Information transparency: How do Department of Library and Information Science students at South Valley University perceive the state’s dealing with the novel coronavirus outbreak?

  • Essam Mansour
  • Journal of Librarianship and Information Science, October 2020, SAGE Publications
  • DOI: 10.1177/0961000620965687

How do DLIS students perceive the state’s dealing with the novel coronavirus outbreak?

What is it about?

This study proposes to investigate the knowledge and perception of students in the Department of Library and Information Science at South Valley University in Upper Egypt about the state’s dealing with the outbreak of the novel coronavirus known as COVID-19 that has been detected in Egypt in February 2020. A quantitative research approach was adopted in the form of a survey. The target population of the study included students (N = 295) of the fourth year of Department of Library and Information Science at South Valley University, of which 253 responded to the study questionnaire, representing 85.8% of the total number. The study found that there is no significant relationship between the students’ gender and other variables of the study according to the statistics used. It also showed that the most popular information sources mentioned by Department of Library and Information Science students to get information related to the coronavirus were social media and the Internet/Web. The publication/dissemination of information and its availability were badly perceived by the students. About one-third of them questioned the government’s ability to deal with the novel coronavirus. They highly believe in the role of information transparency in fighting both administrative and human corruption. The students emphasized the citizens’ right to criticize the government when it does not comply with transparency, as well as the right to access any information owned by it in any formats at any time. They were dissatisfied with the government’s ability to retrieve information, organize, store, have legislations, and own a good database of citizens, as well as its capabilities, in terms of transparency, competence, benevolence, honesty, accuracy, efficiency/effectiveness, practicality, and confidence, in relation to the outbreak of the novel coronavirus. Finally, the study indicated that barriers, such as the spread of administrative and human corruption, security restrictions, and the fragility of the freedom to disclose government information, were highly significant by the surveyed students.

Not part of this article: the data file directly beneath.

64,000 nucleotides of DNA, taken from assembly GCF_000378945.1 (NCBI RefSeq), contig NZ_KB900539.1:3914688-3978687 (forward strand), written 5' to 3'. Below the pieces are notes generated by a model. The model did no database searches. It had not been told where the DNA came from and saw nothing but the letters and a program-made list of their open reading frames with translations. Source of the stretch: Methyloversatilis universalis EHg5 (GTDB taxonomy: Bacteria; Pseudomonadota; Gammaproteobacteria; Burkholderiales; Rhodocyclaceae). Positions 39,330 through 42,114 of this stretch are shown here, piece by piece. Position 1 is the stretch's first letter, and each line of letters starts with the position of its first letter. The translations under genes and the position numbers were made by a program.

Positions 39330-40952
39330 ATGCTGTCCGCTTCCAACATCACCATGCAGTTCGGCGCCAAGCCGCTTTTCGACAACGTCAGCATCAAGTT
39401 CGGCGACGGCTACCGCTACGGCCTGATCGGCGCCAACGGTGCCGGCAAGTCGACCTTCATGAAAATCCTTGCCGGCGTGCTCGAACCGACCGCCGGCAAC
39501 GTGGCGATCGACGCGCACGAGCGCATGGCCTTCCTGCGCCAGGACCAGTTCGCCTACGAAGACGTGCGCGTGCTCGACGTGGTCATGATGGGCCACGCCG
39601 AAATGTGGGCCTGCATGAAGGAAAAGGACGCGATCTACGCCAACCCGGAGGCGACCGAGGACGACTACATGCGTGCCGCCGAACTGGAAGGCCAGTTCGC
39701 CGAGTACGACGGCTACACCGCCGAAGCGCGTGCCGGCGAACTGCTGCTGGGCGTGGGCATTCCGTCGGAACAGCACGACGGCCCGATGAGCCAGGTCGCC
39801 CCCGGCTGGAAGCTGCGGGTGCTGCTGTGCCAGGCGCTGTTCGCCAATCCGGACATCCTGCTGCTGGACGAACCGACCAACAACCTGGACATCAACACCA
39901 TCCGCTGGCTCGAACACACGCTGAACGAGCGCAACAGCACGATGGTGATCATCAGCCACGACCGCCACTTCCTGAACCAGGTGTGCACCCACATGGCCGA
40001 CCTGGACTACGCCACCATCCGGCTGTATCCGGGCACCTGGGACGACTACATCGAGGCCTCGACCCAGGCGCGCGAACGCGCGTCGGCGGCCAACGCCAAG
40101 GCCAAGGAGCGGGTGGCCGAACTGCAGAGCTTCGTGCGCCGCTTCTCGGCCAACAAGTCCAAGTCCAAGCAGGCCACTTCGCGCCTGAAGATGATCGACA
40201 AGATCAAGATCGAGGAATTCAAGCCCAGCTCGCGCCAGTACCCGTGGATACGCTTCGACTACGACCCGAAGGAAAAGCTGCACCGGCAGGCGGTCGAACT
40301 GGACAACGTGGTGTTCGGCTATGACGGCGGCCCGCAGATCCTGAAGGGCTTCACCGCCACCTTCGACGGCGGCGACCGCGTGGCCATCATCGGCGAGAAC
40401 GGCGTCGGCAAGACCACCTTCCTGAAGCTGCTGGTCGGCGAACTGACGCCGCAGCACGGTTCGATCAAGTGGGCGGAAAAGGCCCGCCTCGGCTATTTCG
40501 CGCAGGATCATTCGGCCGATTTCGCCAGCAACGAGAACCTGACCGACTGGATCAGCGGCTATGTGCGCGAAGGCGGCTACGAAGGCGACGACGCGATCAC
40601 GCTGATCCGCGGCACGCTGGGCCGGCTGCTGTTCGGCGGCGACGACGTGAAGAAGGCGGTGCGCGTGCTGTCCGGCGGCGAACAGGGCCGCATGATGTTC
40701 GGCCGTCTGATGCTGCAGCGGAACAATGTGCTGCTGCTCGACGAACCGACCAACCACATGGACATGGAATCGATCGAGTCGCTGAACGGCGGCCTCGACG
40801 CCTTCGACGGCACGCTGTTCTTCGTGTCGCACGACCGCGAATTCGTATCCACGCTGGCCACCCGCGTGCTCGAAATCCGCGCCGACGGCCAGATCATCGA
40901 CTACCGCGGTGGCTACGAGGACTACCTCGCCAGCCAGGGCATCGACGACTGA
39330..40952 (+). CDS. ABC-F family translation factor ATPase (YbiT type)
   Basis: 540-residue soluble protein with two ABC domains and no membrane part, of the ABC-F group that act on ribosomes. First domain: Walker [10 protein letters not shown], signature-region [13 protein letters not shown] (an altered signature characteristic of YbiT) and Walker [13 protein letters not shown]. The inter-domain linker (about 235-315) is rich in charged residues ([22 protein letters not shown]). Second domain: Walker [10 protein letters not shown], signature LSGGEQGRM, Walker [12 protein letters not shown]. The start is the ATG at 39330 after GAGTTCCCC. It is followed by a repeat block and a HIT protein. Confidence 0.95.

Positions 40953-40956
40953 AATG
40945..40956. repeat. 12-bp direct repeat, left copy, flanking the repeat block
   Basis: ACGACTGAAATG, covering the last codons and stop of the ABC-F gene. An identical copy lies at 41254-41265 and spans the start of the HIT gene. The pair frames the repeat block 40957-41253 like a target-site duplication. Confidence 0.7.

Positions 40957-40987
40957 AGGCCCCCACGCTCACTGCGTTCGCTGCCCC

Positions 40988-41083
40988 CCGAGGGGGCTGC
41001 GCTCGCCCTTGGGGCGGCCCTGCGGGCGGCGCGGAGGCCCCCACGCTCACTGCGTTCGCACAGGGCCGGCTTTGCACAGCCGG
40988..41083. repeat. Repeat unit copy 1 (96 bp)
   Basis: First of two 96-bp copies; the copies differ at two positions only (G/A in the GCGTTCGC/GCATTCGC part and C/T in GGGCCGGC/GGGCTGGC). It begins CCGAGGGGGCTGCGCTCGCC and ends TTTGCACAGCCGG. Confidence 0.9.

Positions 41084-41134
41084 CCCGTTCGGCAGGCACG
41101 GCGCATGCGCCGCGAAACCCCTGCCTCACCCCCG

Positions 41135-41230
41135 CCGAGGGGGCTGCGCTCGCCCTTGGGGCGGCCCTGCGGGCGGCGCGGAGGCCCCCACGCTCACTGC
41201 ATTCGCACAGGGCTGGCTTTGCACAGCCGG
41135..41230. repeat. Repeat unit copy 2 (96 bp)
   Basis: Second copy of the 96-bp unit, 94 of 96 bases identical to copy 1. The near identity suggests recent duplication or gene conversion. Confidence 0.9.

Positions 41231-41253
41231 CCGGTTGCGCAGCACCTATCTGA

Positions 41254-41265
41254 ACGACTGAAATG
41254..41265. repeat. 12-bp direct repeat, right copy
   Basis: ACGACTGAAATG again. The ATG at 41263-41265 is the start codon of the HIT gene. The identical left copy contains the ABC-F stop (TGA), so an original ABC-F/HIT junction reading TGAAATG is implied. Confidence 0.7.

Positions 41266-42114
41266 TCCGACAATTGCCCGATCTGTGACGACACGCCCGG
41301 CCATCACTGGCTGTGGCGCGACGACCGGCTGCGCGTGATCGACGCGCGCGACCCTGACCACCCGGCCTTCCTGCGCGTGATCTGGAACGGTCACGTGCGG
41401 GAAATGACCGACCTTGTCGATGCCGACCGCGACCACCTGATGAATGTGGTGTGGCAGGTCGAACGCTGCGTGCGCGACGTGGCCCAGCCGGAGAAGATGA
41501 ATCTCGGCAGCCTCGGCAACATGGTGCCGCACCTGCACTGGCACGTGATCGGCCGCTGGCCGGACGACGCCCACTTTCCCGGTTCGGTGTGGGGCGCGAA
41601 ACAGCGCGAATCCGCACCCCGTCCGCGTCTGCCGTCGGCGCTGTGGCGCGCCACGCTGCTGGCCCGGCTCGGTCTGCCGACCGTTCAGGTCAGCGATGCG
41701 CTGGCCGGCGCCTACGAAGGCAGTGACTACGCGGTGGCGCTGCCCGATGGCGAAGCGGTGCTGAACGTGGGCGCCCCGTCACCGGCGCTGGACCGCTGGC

Why is it important?

The significance of this study derives from its important topic, which has occupied mankind over the past months amid uncertainty, apprehension, and anticipation, which can continue for a longer period of time in the absence of any successful treatment. In this study, this topic is addressed and handled in terms of the transparency of information that the government is following in its dealings with specialists in the study of information to expose their role in the dissemination of this virus in terms of origin, availability, distribution, transparency, organization, preservation, retrieval, as well as accessibility.

Perspectives

Professor (Full), Essam Mansour, Head of Department of library & information science (DLIS), SVU Essam Mansour
South Valley Univeristy (SVU)

Students, Governments, Policymakers

Read Publication

http://dx.doi.org/10.1177/0961000620965687

The following have contributed to this page: Professor (Full), Essam Mansour, Head of Department of library & information science (DLIS), SVU Essam Mansour

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